This move was greeted with relative scepticism by fellow campaigners. Honduras has been described as the deadliest place in the world for environmental activists defending the social, cultural and economic rights of the land. According to a Global Witness report, between 2010-2015 there were 115 reported murders of environmental campaigners who made a stand against destructive damn, mining, logging and agro-industrial projects. Yet, there has been little investigation by the authorities or prosecutions into those behind these murders. In June the British newspaper the Guardian published a controversial article looking at the role the military has played in persecuting environmental campaigners, claiming (though noted with only anonymous source) that there is a “hitlist” against a number of activists and they are being directly targeted (full article here). Whether the anonymous source is credible, it cannot be denied that this is the third murder of a high-level campaigner in recent months. Human rights supporters both inside and outside of Honduras, as well as international institutions such as the UN and the OAS, have called on the Honduran government to protect human rights defenders and fully investigate the murders. The spotlight is now firmly on Honduras, with increasing calls for international donors to halt funds to the country until these abuses are fully investigated.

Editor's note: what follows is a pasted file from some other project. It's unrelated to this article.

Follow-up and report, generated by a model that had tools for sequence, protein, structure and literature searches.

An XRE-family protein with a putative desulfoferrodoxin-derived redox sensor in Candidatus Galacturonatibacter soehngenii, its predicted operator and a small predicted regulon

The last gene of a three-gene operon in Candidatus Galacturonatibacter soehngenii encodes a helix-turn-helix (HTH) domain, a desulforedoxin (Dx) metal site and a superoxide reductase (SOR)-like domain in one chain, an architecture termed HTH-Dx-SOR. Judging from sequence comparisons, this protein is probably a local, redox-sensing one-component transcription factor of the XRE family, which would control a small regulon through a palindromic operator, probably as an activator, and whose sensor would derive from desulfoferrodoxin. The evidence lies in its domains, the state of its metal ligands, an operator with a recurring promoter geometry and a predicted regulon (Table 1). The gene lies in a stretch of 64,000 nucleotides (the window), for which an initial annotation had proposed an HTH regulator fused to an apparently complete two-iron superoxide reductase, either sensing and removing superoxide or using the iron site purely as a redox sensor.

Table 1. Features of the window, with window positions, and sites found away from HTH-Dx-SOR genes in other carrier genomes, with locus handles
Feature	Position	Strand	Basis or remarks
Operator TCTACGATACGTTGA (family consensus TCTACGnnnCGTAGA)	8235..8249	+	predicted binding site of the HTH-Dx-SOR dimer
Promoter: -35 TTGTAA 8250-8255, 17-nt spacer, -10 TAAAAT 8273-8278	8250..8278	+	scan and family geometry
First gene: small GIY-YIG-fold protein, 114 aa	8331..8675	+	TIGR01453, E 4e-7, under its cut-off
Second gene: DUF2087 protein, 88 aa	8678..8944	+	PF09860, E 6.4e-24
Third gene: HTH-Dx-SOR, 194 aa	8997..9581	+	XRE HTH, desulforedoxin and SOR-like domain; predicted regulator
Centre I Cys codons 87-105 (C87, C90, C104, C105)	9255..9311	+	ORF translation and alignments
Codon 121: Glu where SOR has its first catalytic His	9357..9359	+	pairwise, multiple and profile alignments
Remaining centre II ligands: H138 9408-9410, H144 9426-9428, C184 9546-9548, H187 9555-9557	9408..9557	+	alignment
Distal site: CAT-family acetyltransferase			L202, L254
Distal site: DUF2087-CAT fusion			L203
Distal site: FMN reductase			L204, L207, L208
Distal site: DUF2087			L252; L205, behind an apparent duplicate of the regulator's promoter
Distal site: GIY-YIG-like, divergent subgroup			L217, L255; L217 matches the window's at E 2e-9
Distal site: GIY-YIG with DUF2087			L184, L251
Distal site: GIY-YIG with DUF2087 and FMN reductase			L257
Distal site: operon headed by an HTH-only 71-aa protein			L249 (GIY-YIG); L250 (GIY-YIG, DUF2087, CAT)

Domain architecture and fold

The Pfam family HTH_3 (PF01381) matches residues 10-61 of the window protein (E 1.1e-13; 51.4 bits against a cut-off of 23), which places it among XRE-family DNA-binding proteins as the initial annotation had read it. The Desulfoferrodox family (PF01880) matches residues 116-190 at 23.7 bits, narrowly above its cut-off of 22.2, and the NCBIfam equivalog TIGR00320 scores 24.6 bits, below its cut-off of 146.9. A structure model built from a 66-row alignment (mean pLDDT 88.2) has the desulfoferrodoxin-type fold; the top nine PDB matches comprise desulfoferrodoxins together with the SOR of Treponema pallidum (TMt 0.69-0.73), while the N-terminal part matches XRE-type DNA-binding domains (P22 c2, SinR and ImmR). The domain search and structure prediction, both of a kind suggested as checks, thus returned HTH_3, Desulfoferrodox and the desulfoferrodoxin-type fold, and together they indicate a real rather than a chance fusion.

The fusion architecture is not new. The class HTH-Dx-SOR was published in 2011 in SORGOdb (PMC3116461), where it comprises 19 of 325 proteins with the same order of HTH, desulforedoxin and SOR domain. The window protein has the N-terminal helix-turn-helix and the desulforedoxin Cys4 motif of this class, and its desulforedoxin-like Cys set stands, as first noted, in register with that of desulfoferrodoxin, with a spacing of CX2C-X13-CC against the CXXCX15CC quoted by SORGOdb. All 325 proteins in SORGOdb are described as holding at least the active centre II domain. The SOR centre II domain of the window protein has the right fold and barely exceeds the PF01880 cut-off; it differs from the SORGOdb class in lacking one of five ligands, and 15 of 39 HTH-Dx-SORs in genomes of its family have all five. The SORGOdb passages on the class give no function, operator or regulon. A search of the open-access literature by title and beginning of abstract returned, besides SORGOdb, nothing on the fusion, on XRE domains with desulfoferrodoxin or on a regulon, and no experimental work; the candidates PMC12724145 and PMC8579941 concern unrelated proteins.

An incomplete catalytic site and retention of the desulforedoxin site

The US in particular is facing high-level questions in Congress over their aid budget to the country. Since 2010 the US has given an estimated $200 million in police and military aid to Honduras, allegedly this aid is conditional on the respect for human rights and civilian security. The US has yet to investigate into the killings, and in 2015 pledged more money to the embattled country as part of the $750 million fund to Central America’s Northern triangle to try and curb the influx of child migrants heading to the US to escape gang violence. However, the movement to investigate is gaining traction in the US. In June Congress Representative Hank Johnson put forward the Berta Cáceres Human Rights Act in Honduras to suspend US security assistance in the country until human rights violations by the security forces cease.